Tuesday, May 23, 2006

Tree like structure of the extended imbedding space

The quantization of hbar in multiples of integer n characterizing the quantum phase q=exp(iπ/n) in M4 and CP2 degreees of freedom separately means also separate scalings of covariant metrics by n2 in these degrees of freedom. The question is how these copies of imbedding spaces are glued together. The gluing of different p-adic variants of imbedding spaces along rationals and general physical picture suggest how the gluing operation must be carried out.

Two imbedding spaces with different scalings factors of metrics are glued directly together only if either M4 or CP2 scaling factor is same and only along M4 or CP2. This gives a kind of evolutionary tree (actually in rather precise sense as the quantum model for evolutionary leaps as phase transitions increasing hbar(M4) demonstrates!). In this tree vertices represent given M4 (CP2) and lines represent CP2:s (M4:s) with different values of hbar(CP2) (hbar(M4)) emanating from it much like lines from from a vertex of Feynman diagram.

  1. In the phase transition between different hbar(M4):s the projection of the 3-surface to M4 becomes single point so that a cross section of CP2 type extremal representing elementary particle is in question. Elementary particles could thus leak between different M4:s easily and this could occur in large hbar(M4) phases in living matter and perhaps even in quantum Hall effect. Wormhole contacts which have point-like M4 projection would allow topological condensation of space-time sheets with given hbar(M4) at those with different hbar(M4) in accordance with the heuristic picture.

  2. In the phase transition different between CP2:s the CP2 projection of 3-surface becomes point so that the transition can occur in regions of space-time sheet with 1-D CP2 projection. The regions of a connected space-time surface corresponding to different values of hbar (CP2) can be glued together. For instance, the gluing could take place along surface X3=S2× T (T corresponds time axis) analogous to black hole horizon. CP2 projection would be single point at the surface. The contribution from the radial dependence of CP2 coordinates to the induced metric giving ds2= ds2(X3)+grrdr2 at X3 implies a radial gravitational acceleration and one can say that a gravitational flux is transferred between different imbedding spaces.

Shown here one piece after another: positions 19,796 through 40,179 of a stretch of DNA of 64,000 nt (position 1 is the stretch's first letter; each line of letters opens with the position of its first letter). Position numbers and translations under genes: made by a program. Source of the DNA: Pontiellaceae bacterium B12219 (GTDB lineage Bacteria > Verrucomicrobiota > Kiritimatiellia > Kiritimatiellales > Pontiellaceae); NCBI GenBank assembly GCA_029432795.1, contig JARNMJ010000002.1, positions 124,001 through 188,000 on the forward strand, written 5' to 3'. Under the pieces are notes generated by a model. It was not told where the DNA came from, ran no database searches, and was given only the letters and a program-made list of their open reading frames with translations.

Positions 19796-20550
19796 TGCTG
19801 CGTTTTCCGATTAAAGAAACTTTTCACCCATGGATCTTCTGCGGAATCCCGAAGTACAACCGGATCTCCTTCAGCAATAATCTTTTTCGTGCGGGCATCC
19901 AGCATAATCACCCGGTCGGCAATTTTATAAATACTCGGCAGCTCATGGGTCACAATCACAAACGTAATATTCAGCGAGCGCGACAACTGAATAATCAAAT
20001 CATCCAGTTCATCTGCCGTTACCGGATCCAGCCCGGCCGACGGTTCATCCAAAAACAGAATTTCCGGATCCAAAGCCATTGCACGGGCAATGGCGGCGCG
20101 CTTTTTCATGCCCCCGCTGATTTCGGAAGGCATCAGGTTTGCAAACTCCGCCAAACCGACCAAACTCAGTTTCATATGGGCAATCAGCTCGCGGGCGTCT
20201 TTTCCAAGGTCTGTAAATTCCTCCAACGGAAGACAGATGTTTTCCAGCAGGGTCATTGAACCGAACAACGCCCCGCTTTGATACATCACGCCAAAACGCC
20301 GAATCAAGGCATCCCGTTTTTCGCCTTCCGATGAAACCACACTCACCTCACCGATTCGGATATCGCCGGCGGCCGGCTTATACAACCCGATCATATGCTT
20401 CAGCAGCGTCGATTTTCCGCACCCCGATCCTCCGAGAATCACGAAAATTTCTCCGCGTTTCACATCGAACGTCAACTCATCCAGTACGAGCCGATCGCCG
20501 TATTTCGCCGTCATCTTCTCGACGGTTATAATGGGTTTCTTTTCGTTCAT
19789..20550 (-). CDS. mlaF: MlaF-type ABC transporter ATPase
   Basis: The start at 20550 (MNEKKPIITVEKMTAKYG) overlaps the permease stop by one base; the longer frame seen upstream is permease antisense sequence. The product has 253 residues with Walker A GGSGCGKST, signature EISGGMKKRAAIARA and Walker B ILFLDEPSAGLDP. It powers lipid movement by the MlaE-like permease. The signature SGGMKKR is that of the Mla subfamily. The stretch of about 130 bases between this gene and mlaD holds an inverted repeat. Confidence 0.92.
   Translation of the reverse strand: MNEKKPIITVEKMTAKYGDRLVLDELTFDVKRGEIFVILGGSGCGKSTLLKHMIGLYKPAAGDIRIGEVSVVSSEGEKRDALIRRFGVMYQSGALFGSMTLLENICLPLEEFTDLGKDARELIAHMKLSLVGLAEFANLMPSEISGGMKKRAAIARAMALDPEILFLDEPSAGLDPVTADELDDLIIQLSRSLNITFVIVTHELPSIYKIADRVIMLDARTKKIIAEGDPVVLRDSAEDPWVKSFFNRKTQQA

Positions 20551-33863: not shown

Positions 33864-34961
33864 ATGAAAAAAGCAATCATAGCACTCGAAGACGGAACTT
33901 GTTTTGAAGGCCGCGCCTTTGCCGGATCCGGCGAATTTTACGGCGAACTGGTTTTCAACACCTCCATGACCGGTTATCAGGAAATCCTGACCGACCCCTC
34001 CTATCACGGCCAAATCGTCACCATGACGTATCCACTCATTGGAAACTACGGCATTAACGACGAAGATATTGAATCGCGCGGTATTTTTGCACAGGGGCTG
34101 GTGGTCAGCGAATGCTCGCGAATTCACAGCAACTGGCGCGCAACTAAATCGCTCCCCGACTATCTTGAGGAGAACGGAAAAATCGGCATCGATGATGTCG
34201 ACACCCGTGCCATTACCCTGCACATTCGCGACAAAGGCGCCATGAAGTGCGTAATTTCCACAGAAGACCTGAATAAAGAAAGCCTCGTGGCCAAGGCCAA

Planetary Bohr orbitology predicting that only 6 per cent of matter in solar system is visible suggests that star and planetary interiors are regions with large value of CP2 Planck constant and that only a small fraction of the gravitational flux flows along space-time sheets carrying visible matter. In the approximation that visible matter corresponds to layer of thickness Δ R at the outer surface of constant density star or planet of radius R, one obtains the estimate Δ R=.12R for the thickness of this layer: convective zone corresponds to Δ R=.3R. For Earth one would have Δ R≈ 70 km which corresponds to the maximal thickness of the crust. Also flux tubes connecting ordinary matter carrying gravitational flux leaving space-time sheet with a given hbar (CP2) at three-dimensional regions and returning back at the second end are possible. These flux tubes could mediate dark gravitational force also between objects consisting of ordinary matter.

Concerning the mathematical description of this process, the selection of origin of M4 or CP2 as a preferred point is somewhat disturbing. In the case of M4 the problem disappears since configuration space is union over the configuration spaces associated with future and past light cones of M4: CH= CH+U CH-, CH+/-= Um in M4 CH+/-m. In the case of CP2 the same interpretation is necessary in order to not lose SU(3) invariance so that one would have CH+/-= Uh in H CH+/-h. A somewhat analogous but simpler book like structure results in the fusion of different p-adic variants of H along common rationals (and perhaps also common algebraics in the extensions).

For details see the chapter Does TGD Predict the Spectrum of Planck Constants of "TGD: an Overview".


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